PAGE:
Thursday, September 12, 2002
State Supreme Court to Decide Whether Rock Stars Can Sue Over Comic Book
By KENNETH OFGANG, Staff Writer/Appellate Courts
The state Supreme Court yesterday voted unanimously to review a June 19 Court of Appeal ruling that allows Texas-born rock stars Edgar and Johnny Winter to sue a comic book publisher for the alleged improper use of their likenesses and personalities.
DC Comics asked the justices to determine whether the Winters’ statutory and common-law misappropriation claims are viable under a recent California Supreme Court decision dealing with “transformative” works of art.
The Winter brothers, who first achieved public acclaim in the late 1960s, are well-known in part because they are albinos—persons born with a genetic condition resulting in lack of pigmentation.
They were the inspiration for the half-worm, half-human Edgar and Johnny Autumn in the DC Comics mini-series “Jonah Hex: Riders of the Worm and Such,” which led to the lawsuit.
The late Los Angeles Superior Court Judge Ronald Cappai granted summary judgment in favor of DC Comics, concluding that the comic series was a protected parody. The Court of Appeal panel originally agreed, but changed its mind after the state high court sent the case back for reconsideration in light of Comedy III Productions, Inc. v. Saderup (2001) 25 Cal.4th 387.
The Comedy III court upheld a judgment in favor of the company that holds licensing rights for the Three Stooges. It held that while the First Amendment protects a work that is transformative—one that adds a new message to the original work, like Andy Warhol’s famous works depicting celebrities such as Marilyn Monroe, Elizabeth Taylor and Elvis Presley—it does not guarantee the right to make commercial use of “a mere celebrity likeness or imitation.”
The court ruled while artist Gary Saderup’s charcoal drawing of the Stooges was protected, the reproduction of the drawing on other items, such as T-shirts, was not.
Div. Four Justice J. Gary Hastings wrote in June’s Winter ruling that the plaintiffs had produced sufficient evidence to go forward on their claim that the DC Comics series was not transformative or a mere parody.
He noted that the rockers were mentioned by name in promotional material for the comic book, suggesting that DC was “trading on appellants’ likenesses and reputations to generate interest in the upcoming releases and to garner sales,” rather than poking fun at the Winters or their music.
In another case considered at yesterday’s conference, the justices rejected a new trial bid by a San Diego man who smothered his wife of 29 years with a pillow, then quietly married another woman. They denied George Wenzel’s petition to review a Fourth District Court of Appeal ruling, affirming his conviction of second-degree murder.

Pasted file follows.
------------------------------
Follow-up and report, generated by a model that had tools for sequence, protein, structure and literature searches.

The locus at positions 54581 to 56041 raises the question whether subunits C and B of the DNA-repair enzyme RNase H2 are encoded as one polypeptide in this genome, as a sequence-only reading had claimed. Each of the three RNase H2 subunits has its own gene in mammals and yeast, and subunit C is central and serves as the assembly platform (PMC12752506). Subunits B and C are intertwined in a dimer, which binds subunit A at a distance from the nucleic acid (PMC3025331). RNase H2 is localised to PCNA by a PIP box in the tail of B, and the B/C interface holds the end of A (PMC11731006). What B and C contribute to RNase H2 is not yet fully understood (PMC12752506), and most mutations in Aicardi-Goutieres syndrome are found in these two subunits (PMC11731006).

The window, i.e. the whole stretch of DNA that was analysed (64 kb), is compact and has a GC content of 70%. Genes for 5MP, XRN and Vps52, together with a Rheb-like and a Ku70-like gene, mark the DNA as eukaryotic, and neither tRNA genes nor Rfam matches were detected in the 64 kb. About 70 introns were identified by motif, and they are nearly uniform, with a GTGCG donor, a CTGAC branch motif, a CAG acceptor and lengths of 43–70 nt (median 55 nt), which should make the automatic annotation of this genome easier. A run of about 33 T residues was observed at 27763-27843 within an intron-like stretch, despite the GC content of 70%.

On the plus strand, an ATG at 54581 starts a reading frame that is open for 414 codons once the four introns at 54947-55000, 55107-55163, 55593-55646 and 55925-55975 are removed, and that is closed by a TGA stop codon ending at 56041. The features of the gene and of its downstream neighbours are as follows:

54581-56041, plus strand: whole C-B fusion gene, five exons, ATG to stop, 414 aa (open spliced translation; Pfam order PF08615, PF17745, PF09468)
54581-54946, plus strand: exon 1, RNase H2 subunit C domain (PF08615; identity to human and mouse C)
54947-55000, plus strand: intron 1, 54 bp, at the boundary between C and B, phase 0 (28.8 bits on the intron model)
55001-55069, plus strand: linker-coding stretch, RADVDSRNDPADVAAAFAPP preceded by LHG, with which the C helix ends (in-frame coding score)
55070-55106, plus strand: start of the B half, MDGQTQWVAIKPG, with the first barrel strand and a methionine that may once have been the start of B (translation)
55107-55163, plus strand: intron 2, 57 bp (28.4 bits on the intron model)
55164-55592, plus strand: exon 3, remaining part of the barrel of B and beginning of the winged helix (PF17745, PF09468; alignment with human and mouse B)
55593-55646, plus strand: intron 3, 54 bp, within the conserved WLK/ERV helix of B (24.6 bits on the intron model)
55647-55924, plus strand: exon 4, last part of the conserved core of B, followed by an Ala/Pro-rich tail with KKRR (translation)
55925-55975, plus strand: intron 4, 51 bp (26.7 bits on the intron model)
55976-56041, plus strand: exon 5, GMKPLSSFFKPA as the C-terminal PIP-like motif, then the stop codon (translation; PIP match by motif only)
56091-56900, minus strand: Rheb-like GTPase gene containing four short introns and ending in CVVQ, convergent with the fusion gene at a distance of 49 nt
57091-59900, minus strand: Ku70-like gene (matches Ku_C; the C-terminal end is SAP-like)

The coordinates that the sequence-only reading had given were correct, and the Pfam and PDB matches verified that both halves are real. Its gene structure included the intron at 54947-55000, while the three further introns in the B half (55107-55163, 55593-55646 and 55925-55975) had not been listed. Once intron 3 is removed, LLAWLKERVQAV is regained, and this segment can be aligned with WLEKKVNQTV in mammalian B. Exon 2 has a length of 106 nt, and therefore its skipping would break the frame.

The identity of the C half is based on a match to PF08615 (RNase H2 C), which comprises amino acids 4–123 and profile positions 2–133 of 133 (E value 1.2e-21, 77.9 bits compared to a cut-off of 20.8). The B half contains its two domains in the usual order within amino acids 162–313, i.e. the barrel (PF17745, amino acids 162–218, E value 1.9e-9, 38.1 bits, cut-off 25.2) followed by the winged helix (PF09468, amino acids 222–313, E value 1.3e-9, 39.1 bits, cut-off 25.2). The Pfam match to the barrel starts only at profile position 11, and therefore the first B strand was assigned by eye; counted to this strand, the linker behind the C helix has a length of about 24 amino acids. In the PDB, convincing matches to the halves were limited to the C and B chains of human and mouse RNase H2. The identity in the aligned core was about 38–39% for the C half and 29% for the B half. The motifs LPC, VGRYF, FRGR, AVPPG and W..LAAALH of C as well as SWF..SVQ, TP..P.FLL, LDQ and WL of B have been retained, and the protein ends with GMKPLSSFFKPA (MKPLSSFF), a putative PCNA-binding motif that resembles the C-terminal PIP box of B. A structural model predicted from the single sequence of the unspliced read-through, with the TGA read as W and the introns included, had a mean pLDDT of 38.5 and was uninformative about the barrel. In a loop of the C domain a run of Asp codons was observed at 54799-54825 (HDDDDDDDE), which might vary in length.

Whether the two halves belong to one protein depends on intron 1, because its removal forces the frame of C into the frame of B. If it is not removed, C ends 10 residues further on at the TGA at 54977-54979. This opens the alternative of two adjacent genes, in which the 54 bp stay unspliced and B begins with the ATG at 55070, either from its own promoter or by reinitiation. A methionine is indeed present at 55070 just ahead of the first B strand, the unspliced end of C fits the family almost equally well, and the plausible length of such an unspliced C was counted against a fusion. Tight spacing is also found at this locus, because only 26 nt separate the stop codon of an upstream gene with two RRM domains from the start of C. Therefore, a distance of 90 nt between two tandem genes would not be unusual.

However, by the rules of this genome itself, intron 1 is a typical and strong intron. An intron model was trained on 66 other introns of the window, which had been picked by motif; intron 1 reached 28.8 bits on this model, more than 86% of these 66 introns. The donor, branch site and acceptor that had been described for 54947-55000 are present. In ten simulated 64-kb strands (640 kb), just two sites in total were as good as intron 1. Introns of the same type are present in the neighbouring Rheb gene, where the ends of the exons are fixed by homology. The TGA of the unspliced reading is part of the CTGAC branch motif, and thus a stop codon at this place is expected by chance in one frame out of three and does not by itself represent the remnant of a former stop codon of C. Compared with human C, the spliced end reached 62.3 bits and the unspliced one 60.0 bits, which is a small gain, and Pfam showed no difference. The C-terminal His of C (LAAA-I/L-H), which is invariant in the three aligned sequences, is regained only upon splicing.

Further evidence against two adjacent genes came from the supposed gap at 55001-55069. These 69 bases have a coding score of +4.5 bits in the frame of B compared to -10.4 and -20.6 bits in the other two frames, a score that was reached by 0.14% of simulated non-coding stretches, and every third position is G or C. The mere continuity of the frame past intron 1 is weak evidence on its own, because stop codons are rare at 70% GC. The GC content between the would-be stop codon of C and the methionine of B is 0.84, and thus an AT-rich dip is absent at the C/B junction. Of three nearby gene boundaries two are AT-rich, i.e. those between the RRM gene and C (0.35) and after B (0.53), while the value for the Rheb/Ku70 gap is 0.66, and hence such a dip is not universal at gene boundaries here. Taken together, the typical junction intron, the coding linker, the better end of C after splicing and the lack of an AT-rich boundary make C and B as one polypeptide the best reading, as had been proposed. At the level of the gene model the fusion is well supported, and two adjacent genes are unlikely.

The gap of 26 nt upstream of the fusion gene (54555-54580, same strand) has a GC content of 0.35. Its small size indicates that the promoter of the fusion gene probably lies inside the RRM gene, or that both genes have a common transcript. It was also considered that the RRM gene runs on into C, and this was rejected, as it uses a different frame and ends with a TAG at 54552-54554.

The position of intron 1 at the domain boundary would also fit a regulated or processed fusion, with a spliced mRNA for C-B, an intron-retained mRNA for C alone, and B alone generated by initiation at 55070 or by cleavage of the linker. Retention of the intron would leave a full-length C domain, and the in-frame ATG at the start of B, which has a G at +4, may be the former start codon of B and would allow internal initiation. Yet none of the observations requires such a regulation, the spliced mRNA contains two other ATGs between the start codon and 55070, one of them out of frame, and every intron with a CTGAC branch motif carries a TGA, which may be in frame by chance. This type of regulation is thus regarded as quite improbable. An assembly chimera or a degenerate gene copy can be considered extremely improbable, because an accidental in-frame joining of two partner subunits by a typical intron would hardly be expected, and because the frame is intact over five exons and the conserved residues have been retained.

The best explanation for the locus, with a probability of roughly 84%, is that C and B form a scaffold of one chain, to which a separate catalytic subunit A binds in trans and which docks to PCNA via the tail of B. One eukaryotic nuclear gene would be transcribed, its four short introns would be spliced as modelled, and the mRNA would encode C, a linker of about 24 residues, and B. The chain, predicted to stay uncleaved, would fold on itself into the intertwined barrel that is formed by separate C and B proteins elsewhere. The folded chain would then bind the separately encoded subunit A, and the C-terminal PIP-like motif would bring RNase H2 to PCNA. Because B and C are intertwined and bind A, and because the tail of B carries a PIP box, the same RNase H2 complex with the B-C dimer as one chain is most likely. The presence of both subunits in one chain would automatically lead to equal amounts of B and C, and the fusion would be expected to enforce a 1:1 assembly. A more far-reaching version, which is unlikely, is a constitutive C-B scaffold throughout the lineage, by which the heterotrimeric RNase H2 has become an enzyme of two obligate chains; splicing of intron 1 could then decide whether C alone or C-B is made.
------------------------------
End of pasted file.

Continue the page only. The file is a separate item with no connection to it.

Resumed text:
San Diego Superior Court Judge William Mudd sentenced Wenzel to 15 years to life in prison, saying he didn’t believe the defendant’s claim that Lyn Wenzel wanted him to end her life because she was in constant pain.
The appeals court’s Div. One affirmed the conviction in an unpublished opinion June 7, holding, among other things, that Mudd was correct in ruling there wasn’t enough evidence to support a manslaughter/heat-of-passion instruction. Only Justice Joyce L. Kennard voted yesterday to grant review.
Wenzel walked into the downtown San Diego police station on July 20, 1999, asked to speak to a homicide detective, and, when greeted by a police sergeant, handed him a note.
The note said that he and his wife “have had a pack [sic] that we would help each other end [our] life when the time had come.” After she “took many [sleeping] pills with dinner,” the note said, she went to sleep and Wenzel “went up and stopped the breathing.”
“I did this because she is the love of my life and I wanted to stop the pain and suffering. I have no regrets because this is what she wanted. My pain and suffering will start now and last the rest of my life. Her body is in bed upstairs at 4072 Loma Riviera Circle.”
Prosecutors vigorously attacked the “mercy killing” claim. They presented witnesses who insisted that despite her ailments, 57-year-old Lyn Wenzel continued to work, planned a vacation, looked forward to retirement, and otherwise maintained an active life, swimming in the condominium complex pool just hours before she died.
No one testified that either George of Lyn Wenzel had ever spoken to them of a suicide pact, the prosecution emphasized as it pounded away at the fact of Wenzel’s remarriage within three months of her death and his efforts to conceal it.
In upholding Mudd’s decision not to instruct jurors on a heat-of-passion theory, the appellate court said the argument was inconsistent with Wenzel’s claim of a suicide pact.
The defendant, Justice Gilbert Nares wrote, “cannot show that Lyn did anything that was sufficient to provoke a reasonable person toward lethal passion.”
He rejected the defense contention that the cumulative effect of his own mental stat his wife’s poor health and her alleged desire for assistance in ending her own life was sufficient to place the issue before the jury.
“A provocation that is of so little consequence that it would not impair an ordinarily reasonable person’s ability to form malice is not sufficient to reduce a killing from murder to manslaughter,” Nares wrote.
Copyright 2002, Metropolitan News Company